e have made it through another lockdown and the sun is shining here on the other side, however, I have noticed a few strange occurrences since confinement began. The first involves carrots, kilos of carrots and the second, bananas. Before the first confinement I don’t think I’d made more than one or two carrot cakes in my life but having found an easy to follow (relatively healthy) recipe in April of last year, I’ve probably now made over sixty. Cake quickly became a daily staple for us during lockdown and has remained one, but our tastes in cake are rather plain; nothing too sweet or sickly. It won’t surprise you to hear that ours are topless carrot cakes, always free from the frosting on the top. I’ve recently noticed that I’ve become addicted to grating carrots as not only do I grate for the cake, but a grated carrot seems to have snuck into our daily salad lunches too. Having had success with fermenting white cabbage, I am now planning on seeing if I can get that same crunch and flavour from fermenting grated carrot as well. Bananas and I have always had a strained relationship and for forty-eight years I never warmed to their taste, odour or flavour, until last autumn. Just as we entered lockdown number two, I weirdly felt the need to add some thinly sliced banana to my breakfast oats and although I do allow myself the luxury of a croissant and no banana on a Sunday morning, bananas have become another daily staple. What I hadn’t been brave enough to try was anything involving really ripe and smelly bananas, but lockdown number three solved that. I discovered a flapjack recipe aimed at fuelling the cyclist, that seemed easy to make, but included a mashed ripe banana. The first mashing experience was tricky, but I’m proud to say I can now do it without making a fuss! Encouraged by coping with the banana flavour in the flapjacks, I was also brave enough to try banoffee pie, for the first time in my life. Now I’m on a roll with the banana baking, I’ve also made, eaten and enjoyed my first banana bread; another great treat to take on a bike ride. With so much closed for so long over the last year, it is lovely that things are opening up once more and I’m delighted to say we have a new shop open in the village. EspoirNature, a local association, have recently opened their new local producers shop at their premises just outside of our village of Loubillé. Selling a great selection of local fruits, vegetables, cheeses and dairy products, patés, sausages, pies and eggs, as well as soaps, leather products, ceramics, wine and plants, it is going to be a useful addition to village life, with the benefits of helping local artisans and promoting buying locally. It also means that I should never fear running out of carrots again, although it is a shame that bananas don’t grow locally. www.frenchvillagediaries.com Email: email@example.com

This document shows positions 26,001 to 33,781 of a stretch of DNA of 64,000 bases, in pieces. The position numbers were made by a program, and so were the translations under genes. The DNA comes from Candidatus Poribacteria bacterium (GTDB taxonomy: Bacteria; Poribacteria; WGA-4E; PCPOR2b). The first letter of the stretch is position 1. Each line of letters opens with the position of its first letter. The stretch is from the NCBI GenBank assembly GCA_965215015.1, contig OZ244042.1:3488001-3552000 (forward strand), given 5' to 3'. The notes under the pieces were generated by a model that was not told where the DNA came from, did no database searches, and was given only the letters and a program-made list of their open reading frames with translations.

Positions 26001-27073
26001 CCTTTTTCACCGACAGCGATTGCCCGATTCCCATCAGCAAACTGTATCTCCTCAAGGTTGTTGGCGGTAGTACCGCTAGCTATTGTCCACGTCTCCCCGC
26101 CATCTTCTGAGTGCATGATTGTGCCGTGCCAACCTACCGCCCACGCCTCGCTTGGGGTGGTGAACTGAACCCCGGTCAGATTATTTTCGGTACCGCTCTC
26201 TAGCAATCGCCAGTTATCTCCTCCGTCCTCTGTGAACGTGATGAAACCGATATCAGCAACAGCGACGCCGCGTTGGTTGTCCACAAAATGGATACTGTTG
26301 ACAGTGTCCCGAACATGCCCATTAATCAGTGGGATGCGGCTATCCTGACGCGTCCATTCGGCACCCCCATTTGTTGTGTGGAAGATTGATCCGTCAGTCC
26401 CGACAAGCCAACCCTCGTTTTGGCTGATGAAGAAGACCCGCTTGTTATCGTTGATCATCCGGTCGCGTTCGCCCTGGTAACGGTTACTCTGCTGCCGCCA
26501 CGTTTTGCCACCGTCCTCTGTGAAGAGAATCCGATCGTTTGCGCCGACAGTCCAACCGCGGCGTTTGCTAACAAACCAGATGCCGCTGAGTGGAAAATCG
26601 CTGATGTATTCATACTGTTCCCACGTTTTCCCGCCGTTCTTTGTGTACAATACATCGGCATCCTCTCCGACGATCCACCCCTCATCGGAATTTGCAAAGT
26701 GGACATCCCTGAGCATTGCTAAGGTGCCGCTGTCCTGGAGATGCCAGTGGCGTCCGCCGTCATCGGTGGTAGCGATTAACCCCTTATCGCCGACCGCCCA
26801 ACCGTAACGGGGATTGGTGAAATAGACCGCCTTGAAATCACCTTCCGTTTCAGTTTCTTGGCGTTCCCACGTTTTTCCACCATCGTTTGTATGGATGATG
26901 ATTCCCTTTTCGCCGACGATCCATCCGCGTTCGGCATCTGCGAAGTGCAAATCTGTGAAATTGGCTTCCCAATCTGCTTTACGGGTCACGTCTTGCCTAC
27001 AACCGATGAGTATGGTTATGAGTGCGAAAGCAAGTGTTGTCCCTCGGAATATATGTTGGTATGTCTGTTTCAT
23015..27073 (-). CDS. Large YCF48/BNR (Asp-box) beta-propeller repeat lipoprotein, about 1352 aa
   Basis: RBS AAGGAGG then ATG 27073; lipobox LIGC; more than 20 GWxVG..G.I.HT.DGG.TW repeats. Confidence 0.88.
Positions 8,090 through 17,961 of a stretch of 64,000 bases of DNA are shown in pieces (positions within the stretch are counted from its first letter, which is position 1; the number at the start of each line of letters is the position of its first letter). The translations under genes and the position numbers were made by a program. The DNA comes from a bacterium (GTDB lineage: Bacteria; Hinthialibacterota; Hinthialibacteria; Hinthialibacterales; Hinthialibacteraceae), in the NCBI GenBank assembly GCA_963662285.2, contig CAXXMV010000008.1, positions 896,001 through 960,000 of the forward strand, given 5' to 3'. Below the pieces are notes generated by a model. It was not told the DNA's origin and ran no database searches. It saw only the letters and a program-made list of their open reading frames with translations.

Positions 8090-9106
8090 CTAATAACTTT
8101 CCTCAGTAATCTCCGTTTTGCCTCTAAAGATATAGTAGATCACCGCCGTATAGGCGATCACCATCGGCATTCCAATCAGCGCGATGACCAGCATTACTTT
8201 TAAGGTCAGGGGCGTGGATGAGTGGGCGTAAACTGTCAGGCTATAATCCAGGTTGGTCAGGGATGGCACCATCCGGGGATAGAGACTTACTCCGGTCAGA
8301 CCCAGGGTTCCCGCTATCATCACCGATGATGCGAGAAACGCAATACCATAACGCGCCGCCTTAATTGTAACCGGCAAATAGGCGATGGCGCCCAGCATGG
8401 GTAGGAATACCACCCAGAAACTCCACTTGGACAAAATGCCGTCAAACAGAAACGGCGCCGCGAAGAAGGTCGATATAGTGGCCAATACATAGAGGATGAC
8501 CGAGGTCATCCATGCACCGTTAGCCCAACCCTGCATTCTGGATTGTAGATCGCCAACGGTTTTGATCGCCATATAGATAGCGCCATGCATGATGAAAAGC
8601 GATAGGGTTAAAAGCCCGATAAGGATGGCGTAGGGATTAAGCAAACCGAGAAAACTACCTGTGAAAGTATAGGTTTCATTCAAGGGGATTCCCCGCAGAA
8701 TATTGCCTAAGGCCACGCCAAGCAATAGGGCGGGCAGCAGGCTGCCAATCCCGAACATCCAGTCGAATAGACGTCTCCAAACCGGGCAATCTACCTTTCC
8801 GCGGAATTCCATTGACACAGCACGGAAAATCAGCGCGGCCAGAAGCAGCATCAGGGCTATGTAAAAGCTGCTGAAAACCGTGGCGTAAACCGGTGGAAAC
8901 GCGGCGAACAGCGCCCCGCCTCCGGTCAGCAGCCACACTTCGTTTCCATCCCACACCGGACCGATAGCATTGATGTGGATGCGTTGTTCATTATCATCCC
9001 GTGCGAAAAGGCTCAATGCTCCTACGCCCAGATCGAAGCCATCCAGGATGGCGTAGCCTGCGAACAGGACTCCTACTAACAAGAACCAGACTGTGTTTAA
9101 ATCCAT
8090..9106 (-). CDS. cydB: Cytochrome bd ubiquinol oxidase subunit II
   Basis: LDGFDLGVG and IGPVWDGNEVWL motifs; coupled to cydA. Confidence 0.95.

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On The Road A Supercar, but not as we know it …..
by Helen Tait-Wright